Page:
Really? Okay, so maybe the bonobo/lizard brain in me is getting turned on by that despite myself, but the feminist me thinks: Seriously? Are we going to allow a romantic hero to make the excuse of rapists everywhere? He can’t help it? Under emotional duress, even a man as heroic and intelligent and affectionate as Jamie can’t control himself? Once a man’s in bed with you, all bets are off? How could you not feel betrayed when he can’t listen to what you’re saying at that most basic level?

So I call bullshit on that scene. I don’t believe it of those characters, and I also don’t think it should ever be an excuse for any man anywhere. And I’m a little alarmed that this sort of thing seems to sell so well.

The other scene that really bugged me arrives a little later, when Jamie freaks out that his sister has named a kid he thinks was the product of rape for him (yeah, rape is a constant threat in those books — if that bothers you, don’t even pick them up), and that she married his best friend after becoming defiled.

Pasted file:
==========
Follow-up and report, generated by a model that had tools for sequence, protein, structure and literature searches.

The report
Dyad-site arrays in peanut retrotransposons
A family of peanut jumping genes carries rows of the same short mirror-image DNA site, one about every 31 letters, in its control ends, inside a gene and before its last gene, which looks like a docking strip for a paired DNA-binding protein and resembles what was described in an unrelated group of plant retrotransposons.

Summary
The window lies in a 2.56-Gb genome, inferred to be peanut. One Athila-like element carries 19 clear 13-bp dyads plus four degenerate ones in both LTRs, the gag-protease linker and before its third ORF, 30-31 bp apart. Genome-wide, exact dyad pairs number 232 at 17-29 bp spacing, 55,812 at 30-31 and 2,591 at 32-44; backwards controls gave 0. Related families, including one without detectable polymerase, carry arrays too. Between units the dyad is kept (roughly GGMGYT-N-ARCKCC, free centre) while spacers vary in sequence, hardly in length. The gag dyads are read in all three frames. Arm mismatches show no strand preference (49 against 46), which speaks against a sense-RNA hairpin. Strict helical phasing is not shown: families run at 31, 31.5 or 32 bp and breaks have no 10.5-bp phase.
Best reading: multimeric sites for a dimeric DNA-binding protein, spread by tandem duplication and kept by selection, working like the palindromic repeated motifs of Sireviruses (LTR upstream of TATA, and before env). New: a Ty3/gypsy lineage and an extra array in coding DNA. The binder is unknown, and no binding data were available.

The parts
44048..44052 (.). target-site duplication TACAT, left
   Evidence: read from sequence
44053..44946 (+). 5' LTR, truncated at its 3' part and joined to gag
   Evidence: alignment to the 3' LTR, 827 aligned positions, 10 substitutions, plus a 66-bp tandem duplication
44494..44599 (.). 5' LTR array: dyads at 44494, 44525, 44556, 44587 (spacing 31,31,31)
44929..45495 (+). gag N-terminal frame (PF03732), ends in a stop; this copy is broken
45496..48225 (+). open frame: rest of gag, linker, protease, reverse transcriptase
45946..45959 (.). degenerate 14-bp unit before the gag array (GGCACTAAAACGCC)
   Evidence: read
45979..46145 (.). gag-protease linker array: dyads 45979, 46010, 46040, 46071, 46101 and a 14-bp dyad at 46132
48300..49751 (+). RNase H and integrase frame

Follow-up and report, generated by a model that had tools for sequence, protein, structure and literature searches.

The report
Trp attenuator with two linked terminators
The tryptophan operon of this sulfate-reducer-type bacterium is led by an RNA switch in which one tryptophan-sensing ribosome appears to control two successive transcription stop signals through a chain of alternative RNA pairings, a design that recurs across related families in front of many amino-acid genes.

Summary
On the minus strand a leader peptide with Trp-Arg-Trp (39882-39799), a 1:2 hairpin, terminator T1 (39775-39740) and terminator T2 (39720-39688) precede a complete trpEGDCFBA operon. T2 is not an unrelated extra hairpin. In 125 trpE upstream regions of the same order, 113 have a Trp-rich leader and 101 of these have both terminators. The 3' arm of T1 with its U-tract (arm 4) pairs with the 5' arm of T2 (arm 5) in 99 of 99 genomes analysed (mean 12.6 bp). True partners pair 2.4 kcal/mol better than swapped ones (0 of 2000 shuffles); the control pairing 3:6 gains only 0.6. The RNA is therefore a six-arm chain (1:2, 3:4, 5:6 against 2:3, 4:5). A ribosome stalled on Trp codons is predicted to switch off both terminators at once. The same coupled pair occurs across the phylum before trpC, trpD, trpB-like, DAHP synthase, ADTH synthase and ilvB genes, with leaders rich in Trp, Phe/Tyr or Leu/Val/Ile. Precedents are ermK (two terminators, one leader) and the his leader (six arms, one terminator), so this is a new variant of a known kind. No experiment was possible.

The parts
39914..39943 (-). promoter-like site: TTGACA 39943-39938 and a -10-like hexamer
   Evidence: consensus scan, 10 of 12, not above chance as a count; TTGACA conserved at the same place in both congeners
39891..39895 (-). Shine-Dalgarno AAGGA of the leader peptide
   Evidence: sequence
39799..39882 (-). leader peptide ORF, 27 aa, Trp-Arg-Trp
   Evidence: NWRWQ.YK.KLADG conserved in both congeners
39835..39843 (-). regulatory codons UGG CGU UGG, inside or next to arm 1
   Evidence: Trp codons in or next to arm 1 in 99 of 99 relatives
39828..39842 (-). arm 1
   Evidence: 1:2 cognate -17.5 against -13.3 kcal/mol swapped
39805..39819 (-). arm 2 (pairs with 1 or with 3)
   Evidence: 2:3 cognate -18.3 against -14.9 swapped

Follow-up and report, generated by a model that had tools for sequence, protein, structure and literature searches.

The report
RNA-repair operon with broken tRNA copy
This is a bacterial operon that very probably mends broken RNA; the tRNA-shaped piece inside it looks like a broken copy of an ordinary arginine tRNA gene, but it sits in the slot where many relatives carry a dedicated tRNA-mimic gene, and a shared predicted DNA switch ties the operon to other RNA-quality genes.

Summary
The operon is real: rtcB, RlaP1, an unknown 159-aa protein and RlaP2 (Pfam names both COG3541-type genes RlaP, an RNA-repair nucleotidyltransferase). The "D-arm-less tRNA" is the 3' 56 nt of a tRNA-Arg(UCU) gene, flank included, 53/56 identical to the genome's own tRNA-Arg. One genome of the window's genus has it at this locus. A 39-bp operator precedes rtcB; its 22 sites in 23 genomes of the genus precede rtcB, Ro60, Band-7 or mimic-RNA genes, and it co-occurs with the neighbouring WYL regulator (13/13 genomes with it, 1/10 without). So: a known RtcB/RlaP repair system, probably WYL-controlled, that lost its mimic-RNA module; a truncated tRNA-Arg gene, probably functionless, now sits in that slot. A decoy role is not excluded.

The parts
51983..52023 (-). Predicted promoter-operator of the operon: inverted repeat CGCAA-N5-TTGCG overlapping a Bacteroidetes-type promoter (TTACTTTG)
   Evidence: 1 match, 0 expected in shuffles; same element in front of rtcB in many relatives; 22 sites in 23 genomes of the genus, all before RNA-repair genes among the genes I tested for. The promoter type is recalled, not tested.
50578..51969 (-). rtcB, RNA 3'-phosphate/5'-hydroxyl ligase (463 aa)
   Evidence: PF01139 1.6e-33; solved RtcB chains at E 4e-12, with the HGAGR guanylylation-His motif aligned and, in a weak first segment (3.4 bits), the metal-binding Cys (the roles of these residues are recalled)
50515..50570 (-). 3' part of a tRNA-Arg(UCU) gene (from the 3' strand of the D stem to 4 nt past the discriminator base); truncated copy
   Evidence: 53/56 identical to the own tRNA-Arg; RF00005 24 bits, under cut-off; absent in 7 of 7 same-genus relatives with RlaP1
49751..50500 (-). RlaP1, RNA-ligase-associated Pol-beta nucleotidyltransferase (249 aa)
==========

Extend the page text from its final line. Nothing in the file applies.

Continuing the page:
Seriously? Jamie was pretty inconsistent there. He’s an earthy Highlander who’s quite happy to marry a widow who isn’t a virgin, but freaks out because his own sister wants to marry a man after being (apparently, but not actually) raped? What the hell is that sudden patriarchal squeamishness about? So what if she was raped? It wasn’t her choice if she was. At that point in the book I honestly wished she had been, just so Jamie could learn that that he was being a complete clot-heid about it. Instead, he was simply corrected about the status of her virginity prior to marriage.

Yes, his reaction might have been historically accurate. And presumably he has to re-think that as the plot moves along. (He does react better in a similar situation later.) God save us all from the expectation of female purity. Women get honor-killed and beaten and ruined and ostracized for that all the time even today. Enough, already.